GhostShell, the Romanian hacktivist behind breaking into FBI, Interpol and NASA’s systems to dump millions of files online, has now discovered vulnerabilities in India’s infrastructural computer systems.

Ominously, these type of attacks can cripple even non-tech infrastructure such as power grids or dam controls, which is why the need to fix them is even greater. In an interaction with FactorDaily, GhostShell revealed that over 46 SCADA (Supervisory Control And Data Acquisition) systems in the country – used to control subsystems at power stations, networking infrastructure and industrial sites – are vulnerable to cyber attacks.

The details shared by GhostShell consist of servers that lack password protection protocols, and all one needs is the IP address of the target subsystem and the default port number to break into the server and manipulate the machinery. Once someone has obtained server controls of a SCADA system, they can deal a lot of damage like shutting down an entire city’s power supply, cause irreversible damage to telecom infrastructure, steal critical data from a factory unit, etc.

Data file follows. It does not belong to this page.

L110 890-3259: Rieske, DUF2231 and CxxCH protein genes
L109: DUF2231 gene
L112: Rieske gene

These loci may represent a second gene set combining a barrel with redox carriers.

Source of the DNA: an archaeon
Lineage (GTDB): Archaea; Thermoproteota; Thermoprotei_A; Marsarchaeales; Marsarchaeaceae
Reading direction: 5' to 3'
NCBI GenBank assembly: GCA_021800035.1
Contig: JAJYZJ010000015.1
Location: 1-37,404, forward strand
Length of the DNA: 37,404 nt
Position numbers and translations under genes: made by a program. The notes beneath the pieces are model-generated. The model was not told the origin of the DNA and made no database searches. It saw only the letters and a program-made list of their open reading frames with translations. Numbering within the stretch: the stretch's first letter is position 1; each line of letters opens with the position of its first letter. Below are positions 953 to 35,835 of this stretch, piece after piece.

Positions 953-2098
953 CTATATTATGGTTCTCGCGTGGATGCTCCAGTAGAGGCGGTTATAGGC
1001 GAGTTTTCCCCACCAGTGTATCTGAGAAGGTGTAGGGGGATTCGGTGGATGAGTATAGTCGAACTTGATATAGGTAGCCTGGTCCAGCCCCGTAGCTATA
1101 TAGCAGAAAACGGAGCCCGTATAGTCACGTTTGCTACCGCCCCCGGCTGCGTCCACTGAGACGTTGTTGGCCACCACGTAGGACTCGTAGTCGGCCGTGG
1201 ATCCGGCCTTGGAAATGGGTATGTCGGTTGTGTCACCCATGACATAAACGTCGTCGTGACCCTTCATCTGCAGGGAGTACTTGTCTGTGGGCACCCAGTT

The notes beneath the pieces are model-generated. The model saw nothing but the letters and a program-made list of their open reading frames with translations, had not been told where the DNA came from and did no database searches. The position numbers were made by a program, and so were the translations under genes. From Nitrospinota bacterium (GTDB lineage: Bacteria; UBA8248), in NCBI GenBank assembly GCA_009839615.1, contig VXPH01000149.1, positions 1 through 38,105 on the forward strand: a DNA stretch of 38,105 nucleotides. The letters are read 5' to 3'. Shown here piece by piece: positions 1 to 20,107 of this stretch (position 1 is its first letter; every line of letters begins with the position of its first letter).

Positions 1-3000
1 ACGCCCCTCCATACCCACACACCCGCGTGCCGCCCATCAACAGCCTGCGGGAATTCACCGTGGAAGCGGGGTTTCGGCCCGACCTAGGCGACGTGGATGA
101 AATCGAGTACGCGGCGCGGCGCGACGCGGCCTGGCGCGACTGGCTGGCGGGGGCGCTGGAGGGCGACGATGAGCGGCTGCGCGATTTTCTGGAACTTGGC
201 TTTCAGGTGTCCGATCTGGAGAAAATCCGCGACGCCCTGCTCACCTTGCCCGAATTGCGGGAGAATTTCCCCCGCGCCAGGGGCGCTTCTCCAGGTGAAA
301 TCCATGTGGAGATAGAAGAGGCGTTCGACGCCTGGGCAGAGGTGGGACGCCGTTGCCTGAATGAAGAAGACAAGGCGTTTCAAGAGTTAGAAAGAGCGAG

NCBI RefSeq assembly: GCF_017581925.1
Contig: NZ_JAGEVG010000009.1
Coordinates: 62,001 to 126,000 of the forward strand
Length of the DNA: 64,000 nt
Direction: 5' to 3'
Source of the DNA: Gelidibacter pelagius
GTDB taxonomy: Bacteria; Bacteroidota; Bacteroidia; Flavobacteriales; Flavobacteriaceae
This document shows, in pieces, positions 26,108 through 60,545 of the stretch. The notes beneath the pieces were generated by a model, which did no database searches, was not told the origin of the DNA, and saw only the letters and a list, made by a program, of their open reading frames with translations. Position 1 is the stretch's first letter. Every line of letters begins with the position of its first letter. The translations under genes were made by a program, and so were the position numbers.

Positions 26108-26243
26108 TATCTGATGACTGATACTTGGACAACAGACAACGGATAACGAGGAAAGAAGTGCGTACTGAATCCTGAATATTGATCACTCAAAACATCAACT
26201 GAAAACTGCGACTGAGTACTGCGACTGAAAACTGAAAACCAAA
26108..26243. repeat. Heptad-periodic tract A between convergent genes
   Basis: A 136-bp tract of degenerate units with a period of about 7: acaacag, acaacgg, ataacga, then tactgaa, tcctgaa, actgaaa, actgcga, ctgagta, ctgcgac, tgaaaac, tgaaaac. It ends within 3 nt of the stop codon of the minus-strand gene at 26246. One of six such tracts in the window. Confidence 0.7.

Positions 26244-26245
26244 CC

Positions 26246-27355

SCADA attacks target infrastructural systems such as power grids

One of the biggest examples of a SCADA attack is Stuxnet, the well-publicized cyber-attack that stunted Iran’s nuclear program, and some lawmakers have suggested forcing companies and organisations to move away from this weak and vulnerable system. Experts have raised numerous concerns about the security of SCADA systems due to a large number of interconnections between subsystems and lack of authentication measures which leaves them prone to network attacks. GhostShell pointed this out too: “The SCADA industry is facing a crisis all over the world nowadays because these types of systems don’t have any type of security implanted into them, meaning that anyone with a client for the respective protocol can login to the servers and either do espionage by logging the traffic or cause significant damage,” he said.

GhostShell, whose real name some people say is Gheorghe Razvan Eugen, has already sent details of the vulnerabilities to India’s CERT (Computer Emergency Response Team) wing, and is in touch with the government-backed group to solve the issues. About his motives he said,“I’m trying to raise awareness about the dangers of open SCADA protocols and how much damage someone can do to them.”

VIAFactorDaily
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